We extend our thanks to Charles Hill, Canadian art historian, former Curator of Canadian Art at the National Gallery of Canada and author of “The Group of Seven – Art for a Nation”, for his assistance in researching this artwork and for contributing the preceding essay.

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Alexander Young Jackson
(1882 - 1974) Group of Seven, Canadian Group of Painters, OSA, RCA

Born in Montreal, Alexander Young Jackson left school at the age of twelve and began work at a Montreal printing firm. In 1906, he undertook art studies at the Art Institute in Chicago. The following year he enrolled at the Académie Julian where he studied under Jean Paul Laurens for six months, then he travelled to Italy with others where they visited galleries in Rome, Florence and Venice. They returned to France and Jackson went to the village of Episy with a fellow student named Porter with whom he had lived in Paris. Jackson found much to paint at Episy: old farms, rolling country, the canal where barges were towed by mules, and for the first time (in France) he lived with people close to the land.

He left France when his funds were low and returned to Canada in 1910 where the “clear crisp air and sharp shadows” of Sweetsburg, Quebec, became the subject of his canvas “Edge of the Maple Wood”. During this period his painting was strongly influenced by the Impressionists. Then the work of Canadian artists Cullen and Morrice led him further in the discoveries of snow and other elements of Canadian subject matter which were to become an integral part of his work throughout his life. After his return to Canada, Jackson took up residence in Montreal and made many sketching trips to the surrounding countryside. While at Emileville he received a letter from a J.E.H. MacDonald of Toronto who wanted to purchase his “Edge of the Maple Wood” on behalf of a third party, Lawren Harris. Jackson sold the picture and later met MacDonald in Toronto. In Toronto he also met, through MacDonald, Arthur Lismer, Frederick Varley and other members of the Arts and Letters Club who were employed by the Grip Engraving Company as commercial artists. Jackson later went to Georgian Bay to sketch and was visited there by Dr. James MacCallum, a friend of Lawren Harris. MacCallum, who had a summer home at the Bay, offered Jackson a place to work in the ‘Studio Building’ which MacCallum and Lawren Harris were having built for Canadian artists in Toronto. In the meantime Jackson was invited to stay at MacCallum’s summer home. Jackson’s production was good; he did many sketches and a number of canvases, one being the “Maple in the Pine Woods” which was later to bring a storm of criticism at a Group of Seven exhibition.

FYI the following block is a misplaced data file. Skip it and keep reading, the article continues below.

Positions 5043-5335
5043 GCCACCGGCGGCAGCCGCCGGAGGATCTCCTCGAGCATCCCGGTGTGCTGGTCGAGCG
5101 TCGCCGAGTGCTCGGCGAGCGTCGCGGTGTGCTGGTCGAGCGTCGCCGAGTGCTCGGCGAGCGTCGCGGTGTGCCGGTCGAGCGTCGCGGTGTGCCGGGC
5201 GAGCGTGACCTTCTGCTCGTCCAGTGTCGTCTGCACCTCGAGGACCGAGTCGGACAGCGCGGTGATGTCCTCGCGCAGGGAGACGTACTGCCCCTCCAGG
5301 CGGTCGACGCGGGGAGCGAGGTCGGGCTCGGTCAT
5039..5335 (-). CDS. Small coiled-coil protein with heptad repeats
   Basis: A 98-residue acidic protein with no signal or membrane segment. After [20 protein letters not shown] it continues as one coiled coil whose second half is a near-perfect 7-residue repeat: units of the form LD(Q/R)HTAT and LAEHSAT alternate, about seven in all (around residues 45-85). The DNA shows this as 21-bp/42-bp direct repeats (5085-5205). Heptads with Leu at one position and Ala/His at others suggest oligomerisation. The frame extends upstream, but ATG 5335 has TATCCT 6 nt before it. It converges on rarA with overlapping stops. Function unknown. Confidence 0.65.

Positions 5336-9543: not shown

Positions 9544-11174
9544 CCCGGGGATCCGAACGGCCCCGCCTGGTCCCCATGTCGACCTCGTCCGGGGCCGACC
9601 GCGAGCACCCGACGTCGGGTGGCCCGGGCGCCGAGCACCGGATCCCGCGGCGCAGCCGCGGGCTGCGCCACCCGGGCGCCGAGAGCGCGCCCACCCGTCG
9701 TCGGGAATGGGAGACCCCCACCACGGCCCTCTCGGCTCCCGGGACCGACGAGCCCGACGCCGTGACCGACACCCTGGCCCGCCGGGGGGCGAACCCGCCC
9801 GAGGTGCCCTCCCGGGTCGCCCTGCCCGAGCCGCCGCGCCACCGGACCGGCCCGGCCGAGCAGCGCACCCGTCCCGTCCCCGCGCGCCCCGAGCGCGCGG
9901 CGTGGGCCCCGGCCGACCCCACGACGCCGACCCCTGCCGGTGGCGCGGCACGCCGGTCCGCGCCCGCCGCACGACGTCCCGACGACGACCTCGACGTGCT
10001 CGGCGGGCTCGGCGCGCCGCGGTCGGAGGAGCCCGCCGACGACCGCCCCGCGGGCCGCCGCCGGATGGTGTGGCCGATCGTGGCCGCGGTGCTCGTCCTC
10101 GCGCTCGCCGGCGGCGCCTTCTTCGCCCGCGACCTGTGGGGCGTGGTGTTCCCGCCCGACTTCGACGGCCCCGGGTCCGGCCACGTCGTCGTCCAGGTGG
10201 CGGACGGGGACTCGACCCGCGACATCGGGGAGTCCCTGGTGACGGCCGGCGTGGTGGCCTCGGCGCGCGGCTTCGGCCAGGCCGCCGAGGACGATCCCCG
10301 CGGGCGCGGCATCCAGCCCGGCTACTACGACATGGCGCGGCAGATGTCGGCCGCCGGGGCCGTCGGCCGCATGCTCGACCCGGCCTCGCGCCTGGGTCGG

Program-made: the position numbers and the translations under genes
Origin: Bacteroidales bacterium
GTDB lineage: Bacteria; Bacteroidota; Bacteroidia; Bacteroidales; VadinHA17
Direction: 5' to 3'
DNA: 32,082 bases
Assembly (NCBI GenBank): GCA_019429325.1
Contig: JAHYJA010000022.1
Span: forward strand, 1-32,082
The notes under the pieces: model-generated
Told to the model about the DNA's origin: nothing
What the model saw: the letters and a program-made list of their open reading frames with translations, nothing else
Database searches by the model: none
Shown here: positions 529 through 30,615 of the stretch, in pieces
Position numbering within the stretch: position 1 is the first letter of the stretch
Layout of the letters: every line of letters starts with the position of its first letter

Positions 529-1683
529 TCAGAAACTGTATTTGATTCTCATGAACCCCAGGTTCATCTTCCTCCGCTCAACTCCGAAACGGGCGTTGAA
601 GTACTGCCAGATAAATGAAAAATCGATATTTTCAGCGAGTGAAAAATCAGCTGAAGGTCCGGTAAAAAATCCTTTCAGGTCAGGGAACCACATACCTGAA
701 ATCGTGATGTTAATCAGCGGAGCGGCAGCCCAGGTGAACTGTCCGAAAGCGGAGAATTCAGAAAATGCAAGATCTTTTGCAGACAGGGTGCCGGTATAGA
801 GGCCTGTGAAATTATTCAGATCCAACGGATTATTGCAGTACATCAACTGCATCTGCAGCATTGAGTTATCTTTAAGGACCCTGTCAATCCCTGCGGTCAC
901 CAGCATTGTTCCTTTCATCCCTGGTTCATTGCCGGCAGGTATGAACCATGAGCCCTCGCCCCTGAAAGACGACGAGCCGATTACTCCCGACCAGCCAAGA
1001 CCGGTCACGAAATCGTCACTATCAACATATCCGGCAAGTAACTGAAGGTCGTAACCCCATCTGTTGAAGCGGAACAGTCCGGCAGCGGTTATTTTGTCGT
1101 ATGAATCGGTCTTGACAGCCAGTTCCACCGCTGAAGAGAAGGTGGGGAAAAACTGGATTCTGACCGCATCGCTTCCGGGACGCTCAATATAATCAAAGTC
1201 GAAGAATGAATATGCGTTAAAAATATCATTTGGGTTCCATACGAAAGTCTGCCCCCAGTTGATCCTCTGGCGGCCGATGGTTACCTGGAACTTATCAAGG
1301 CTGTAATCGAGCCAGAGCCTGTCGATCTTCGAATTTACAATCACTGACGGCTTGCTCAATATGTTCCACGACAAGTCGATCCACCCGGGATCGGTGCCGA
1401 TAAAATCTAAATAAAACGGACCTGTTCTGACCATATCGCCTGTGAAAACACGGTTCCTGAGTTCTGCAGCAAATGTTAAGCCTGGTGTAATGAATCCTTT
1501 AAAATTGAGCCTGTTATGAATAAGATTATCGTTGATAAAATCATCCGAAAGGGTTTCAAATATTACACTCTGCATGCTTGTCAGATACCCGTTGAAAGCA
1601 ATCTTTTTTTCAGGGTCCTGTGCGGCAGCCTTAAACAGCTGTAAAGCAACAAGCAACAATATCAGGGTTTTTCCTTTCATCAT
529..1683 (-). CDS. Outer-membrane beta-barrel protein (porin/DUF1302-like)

On his return to Toronto, Jackson stayed at Lawren Harris’ studio in Toronto until the Studio Building was completed. There one day he was introduced to Tom Thomson who had accompanied Dr. MacCallum on a visit. Thomson was also an employee of the Grip Engraving Company. The two moved into the Studio Building in January 1914 and shared a studio. Thomson had soon inspired Jackson to visit Algonquin Park in February and March of 1914. Jackson also sketched that year with J.E.H. MacDonald and J.W. Beatty. In 1915, Jackson enlisted as a private in the 60th Battalion and after being wounded, returned later to the front as Lieutenant with Canadian War Records. As a war artist he created one of the finest collections of war paintings our nation possesses.

In 1919 he went to Algoma with J.E.H. MacDonald, Lawren Harris and Franz Johnston, making use of a railway box car as a studio which Harris had arranged. During that year, Jackson became a full member of the Royal Canadian Academy. On May 7th, 1920, the first exhibition of the Group of Seven opened at the Art Gallery of Toronto. The Group continued to exhibit until 1931. Each exhibition of the Group was met with great protest. In July of 1927 Jackson and Dr. Frederick Banting went north on the steamer ‘Beothic’ which had been chartered by the government to deliver supplies to the RCMP posts and to carry relief constables to the posts. They sketched at Pond Inlet, Devon Island, Ellesmere Island and other arctic locations. Jackson’s arctic sketches were exhibited at the Art Gallery of Toronto.

Jackson's great sense of adventure carried him from the east coast across Canada to the Rocky Mountains of the west. He made regular sketching trips to Quebec every spring and travelled to the far regions of Canada during the summer, including the Canadian Arctic. In the fall he would return to the Studio Building in Toronto (where he lived until 1955), spending the winters painting canvases. He continued this active lifestyle until he was in his eighties.

Source: "A Dictionary of Canadian Artists, Volume II”, compiled by Colin S. MacDonald, Canadian Paperbacks Publishing Ltd, Ottawa, 1979